The 45-year rape case against filmmaker Roman Polanski has reached a major step towards potentially being resolved following a decision to finally allow transcripts of a former district attorney to be made public.
Polanski pleaded guilty to one count of unlawful sexual intercourse with a minor – statutory rape – in August 1977 but fled to France from the United States before a sentencing hearing, and has lived abroad ever since.
Both the filmmaker, now 88, and Samantha Geimer, the victim in the case, have long called for transcripts of retired prosecutor Roger Gunson to be unsealed over allegations of judicial misconduct.
Ms Geimer told the Los Angeles Superior Court in June 2017 that she had forgiven Polanski years ago and wanted the case put to rest, according to a Reuters news report from the time.
Now, after receiving a new letter from Ms Geimer, Los Angeles County District Attorney George Gascon – who took up the role in December 2020 – has reversed the office’s previous position to keep the documents private, so that the case might be re-examined.
Ms Geimer, who was 13 when Polanski pleaded guilty to sexually assaulting her, said in her letter that the “lack of resolution in this case has haunted my family for decades”.
She wrote: “If these allegations cannot be investigated, if Mr Polanski will never get the sentence he was promised of time served, the very least that can be done is for Mr Gunson’s testimony to see the light of day.
More on Roman Polanski
Actresses walk out of Cesar Awards ceremony as Polanski wins three awards
Roman Polanski pulls out of France’s Cesar awards as he fears ‘public lynching’
Polanski film nominations prompt Cesar board to resign en masse two weeks before awards
- Roman Polanski
“I believe it is in the public interest not to allow the misconduct of the court to remain hidden. I believe as the victim in this case I deserve to know the whole truth.”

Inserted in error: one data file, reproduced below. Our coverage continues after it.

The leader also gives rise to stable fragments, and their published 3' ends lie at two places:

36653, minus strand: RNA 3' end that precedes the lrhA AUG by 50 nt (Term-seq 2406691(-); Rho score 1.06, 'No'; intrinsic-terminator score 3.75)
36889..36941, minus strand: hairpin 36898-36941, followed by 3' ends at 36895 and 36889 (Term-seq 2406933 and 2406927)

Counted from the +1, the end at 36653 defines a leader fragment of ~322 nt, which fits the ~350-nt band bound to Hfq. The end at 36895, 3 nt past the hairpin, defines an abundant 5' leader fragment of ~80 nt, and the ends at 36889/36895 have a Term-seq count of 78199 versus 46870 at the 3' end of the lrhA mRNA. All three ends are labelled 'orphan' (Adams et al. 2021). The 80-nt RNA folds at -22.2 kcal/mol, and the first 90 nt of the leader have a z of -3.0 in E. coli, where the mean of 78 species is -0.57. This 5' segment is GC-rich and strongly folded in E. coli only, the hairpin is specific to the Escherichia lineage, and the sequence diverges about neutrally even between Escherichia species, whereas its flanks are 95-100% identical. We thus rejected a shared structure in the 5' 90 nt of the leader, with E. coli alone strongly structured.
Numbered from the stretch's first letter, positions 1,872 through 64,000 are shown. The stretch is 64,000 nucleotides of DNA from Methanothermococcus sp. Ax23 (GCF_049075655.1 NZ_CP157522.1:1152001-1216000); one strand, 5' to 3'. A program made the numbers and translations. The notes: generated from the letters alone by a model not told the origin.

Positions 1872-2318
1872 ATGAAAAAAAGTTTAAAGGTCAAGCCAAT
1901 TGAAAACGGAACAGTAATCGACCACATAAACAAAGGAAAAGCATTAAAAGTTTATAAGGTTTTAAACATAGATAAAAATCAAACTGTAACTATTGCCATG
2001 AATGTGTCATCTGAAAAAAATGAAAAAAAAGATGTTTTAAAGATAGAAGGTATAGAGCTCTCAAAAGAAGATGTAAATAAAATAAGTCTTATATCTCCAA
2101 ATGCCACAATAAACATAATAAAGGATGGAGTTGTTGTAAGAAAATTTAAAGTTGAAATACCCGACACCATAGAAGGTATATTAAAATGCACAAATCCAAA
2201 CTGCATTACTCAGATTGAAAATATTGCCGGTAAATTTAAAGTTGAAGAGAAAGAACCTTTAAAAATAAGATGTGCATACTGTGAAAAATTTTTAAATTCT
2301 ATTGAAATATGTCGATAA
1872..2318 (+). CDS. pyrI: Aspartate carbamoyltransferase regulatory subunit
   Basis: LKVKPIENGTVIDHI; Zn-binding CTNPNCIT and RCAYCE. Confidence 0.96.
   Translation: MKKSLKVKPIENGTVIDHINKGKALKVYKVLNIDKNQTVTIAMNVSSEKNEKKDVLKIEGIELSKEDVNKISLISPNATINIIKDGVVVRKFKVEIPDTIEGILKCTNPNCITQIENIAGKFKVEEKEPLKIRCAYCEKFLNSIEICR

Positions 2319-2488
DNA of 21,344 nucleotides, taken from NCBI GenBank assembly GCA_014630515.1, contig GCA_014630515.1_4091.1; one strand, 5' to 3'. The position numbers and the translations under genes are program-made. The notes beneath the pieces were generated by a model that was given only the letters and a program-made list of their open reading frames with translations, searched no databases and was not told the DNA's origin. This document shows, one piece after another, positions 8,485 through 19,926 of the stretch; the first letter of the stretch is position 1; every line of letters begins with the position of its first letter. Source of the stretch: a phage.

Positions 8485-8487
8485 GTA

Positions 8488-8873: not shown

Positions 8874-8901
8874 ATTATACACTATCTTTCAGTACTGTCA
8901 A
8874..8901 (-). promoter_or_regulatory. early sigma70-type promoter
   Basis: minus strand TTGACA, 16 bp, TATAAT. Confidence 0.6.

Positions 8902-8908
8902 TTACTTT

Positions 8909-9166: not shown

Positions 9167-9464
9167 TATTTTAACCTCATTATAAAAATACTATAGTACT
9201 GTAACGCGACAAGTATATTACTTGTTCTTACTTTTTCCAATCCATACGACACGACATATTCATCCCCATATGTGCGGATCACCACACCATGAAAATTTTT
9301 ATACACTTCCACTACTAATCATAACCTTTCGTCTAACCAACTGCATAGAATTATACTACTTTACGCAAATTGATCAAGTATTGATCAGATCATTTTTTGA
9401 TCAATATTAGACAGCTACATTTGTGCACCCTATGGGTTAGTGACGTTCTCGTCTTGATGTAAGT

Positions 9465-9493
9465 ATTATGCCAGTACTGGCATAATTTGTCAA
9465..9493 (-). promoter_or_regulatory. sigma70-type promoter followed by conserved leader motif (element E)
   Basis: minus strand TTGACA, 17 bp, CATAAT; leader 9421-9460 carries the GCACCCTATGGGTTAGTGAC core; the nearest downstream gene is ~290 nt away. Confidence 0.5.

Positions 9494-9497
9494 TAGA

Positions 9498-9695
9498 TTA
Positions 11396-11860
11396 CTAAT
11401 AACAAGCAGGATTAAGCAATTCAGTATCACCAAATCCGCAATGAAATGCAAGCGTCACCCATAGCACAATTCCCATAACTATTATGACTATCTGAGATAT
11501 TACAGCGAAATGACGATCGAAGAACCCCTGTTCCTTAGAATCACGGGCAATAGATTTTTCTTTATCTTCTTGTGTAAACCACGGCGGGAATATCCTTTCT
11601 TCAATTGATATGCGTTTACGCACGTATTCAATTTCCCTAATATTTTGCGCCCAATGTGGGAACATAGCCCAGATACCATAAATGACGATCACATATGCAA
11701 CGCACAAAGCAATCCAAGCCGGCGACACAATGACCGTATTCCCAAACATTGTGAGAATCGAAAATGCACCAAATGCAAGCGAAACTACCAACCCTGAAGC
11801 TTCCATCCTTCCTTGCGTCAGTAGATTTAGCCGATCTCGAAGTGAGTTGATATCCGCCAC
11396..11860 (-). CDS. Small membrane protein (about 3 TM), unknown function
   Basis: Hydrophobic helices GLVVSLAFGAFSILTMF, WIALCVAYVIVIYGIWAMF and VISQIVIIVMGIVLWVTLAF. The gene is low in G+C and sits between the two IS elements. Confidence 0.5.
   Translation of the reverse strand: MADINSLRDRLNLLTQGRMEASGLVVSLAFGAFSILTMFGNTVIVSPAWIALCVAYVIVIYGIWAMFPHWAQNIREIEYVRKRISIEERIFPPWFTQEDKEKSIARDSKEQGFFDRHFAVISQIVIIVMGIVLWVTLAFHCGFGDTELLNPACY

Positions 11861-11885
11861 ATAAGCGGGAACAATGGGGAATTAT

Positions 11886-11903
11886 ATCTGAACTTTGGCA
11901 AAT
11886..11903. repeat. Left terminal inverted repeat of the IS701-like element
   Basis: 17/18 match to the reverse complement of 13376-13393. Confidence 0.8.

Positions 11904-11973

Ms Geimer said she had been “actively advocating for the release of this testimony since 2014” and that “the contempt and callousness of previous administrations towards myself and my family remains fresh in my memory”.
She continued: “I had given up hope that anyone would seek the truth in this matter, whatever the testimony contains… I ask for the consideration and respect I have been denied until this time.”
In a statement, Mr Gascon said: “This case has been described by the courts as ‘one of the longest-running sagas in California criminal justice history’.
“For years, this office has fought the release of information that the victim and public have a right to know.
“After careful consideration of the victim’s wishes, the unique and extraordinary circumstances that led to his conditional exam and my commitment to transparency and accountability for all in the justice system, my office has determined it to be in the interest of justice to agree to the unsealing of these transcripts.”
Mr Gascon added that Polanski, known for films such as The Pianist and Chinatown, remains a fugitive from justice and should surrender himself to the LA County Superior Court to be sentenced.
Polanski was married to actress Sharon Tate, sharing a house with her before her murder at the hands of the Manson Family cult in 1969.